Data sources and collection methods

Health facility-based data

The facility must carry out routine screening of haemoglobin levels for all women and not just those at risk. There are potential problems with unrepresentativeness of samples and incomplete record keeping.

Population-based survey data

Special population surveys can be conducted to assess the anaemia rate pre-and post-intervention with, for example, iron supplementation. Specific groups could include schoolgirls and mothers of children below 24 months of age (pregnant, nonpregnant, lactating, non-lactating).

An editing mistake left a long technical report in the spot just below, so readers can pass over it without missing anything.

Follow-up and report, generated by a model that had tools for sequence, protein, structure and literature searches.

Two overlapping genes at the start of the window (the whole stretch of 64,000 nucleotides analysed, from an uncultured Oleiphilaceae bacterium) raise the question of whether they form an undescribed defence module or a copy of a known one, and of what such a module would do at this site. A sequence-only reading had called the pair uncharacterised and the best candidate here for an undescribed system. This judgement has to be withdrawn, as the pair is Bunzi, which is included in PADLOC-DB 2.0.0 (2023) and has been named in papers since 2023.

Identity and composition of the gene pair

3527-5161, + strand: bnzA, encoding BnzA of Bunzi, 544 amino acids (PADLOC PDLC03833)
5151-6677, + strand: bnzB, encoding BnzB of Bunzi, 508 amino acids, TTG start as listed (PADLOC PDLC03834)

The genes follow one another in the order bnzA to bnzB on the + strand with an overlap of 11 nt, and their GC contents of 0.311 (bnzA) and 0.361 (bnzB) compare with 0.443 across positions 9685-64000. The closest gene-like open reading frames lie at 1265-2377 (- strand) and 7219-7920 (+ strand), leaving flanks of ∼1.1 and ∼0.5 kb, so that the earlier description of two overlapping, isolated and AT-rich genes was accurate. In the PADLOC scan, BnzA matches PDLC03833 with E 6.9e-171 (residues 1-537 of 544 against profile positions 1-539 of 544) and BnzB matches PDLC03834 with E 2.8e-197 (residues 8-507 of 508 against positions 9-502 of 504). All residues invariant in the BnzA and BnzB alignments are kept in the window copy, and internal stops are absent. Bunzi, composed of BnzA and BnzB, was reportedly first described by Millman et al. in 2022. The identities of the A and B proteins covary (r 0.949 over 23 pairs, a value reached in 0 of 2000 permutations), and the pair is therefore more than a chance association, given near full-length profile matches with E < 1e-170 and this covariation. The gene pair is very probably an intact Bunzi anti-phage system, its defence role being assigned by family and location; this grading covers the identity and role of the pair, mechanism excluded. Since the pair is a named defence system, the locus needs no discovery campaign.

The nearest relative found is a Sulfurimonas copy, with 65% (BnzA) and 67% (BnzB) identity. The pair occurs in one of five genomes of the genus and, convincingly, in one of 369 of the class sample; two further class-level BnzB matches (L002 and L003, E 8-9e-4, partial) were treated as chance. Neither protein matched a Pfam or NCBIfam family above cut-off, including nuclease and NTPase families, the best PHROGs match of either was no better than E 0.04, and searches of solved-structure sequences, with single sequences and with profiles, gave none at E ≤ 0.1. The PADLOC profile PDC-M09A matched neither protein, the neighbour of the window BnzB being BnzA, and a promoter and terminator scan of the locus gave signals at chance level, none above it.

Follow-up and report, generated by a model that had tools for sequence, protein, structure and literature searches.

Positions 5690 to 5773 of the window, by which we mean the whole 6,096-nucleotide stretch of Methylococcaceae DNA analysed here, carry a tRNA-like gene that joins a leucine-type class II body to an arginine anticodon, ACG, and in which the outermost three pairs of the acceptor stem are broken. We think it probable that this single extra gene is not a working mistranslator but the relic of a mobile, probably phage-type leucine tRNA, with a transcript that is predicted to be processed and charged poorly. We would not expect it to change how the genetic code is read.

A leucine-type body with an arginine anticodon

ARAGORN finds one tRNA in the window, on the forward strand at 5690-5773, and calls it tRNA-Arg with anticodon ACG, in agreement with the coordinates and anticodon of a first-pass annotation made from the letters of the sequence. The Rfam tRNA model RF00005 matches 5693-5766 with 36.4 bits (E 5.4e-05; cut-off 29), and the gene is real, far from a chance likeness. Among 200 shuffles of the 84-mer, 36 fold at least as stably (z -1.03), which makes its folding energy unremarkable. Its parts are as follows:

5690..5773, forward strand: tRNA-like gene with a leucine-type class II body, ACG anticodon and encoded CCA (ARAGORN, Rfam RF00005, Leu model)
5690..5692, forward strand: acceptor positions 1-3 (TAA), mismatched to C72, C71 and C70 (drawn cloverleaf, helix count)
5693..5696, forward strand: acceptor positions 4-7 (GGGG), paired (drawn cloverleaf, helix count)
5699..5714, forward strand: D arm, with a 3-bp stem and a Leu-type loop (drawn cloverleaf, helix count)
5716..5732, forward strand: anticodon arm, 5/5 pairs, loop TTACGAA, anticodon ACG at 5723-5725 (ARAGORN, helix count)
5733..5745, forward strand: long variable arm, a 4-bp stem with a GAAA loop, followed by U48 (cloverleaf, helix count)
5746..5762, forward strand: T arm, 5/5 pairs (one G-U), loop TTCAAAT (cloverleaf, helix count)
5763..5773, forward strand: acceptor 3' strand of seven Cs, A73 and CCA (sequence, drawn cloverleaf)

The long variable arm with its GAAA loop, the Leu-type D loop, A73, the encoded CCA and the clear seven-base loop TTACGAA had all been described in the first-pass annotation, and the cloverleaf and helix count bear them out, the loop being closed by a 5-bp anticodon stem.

The gold standard for assessing haemoglobin concentration is the direct cyanmethaemoglobin method (1). This method depends on the conditions under which the blood was collected, however, and also on access to proper laboratory facilities, which are not available or affordable in many settings. Others, such as the indirect cyanmethaemoglobin or the HemoCue methods, can be used in the field for large surveys in remote areas to analyse blood collected in a microcuvette (1,2). Nevertheless, in most antenatal clinics in developing countries where resources are lacking, anaemia screening is based on clinical examination (3). For these settings, WHO has developed a haemoglobin colour 41

to O

scale, which compares the colour shade of blood with defined hues of red (4,5).

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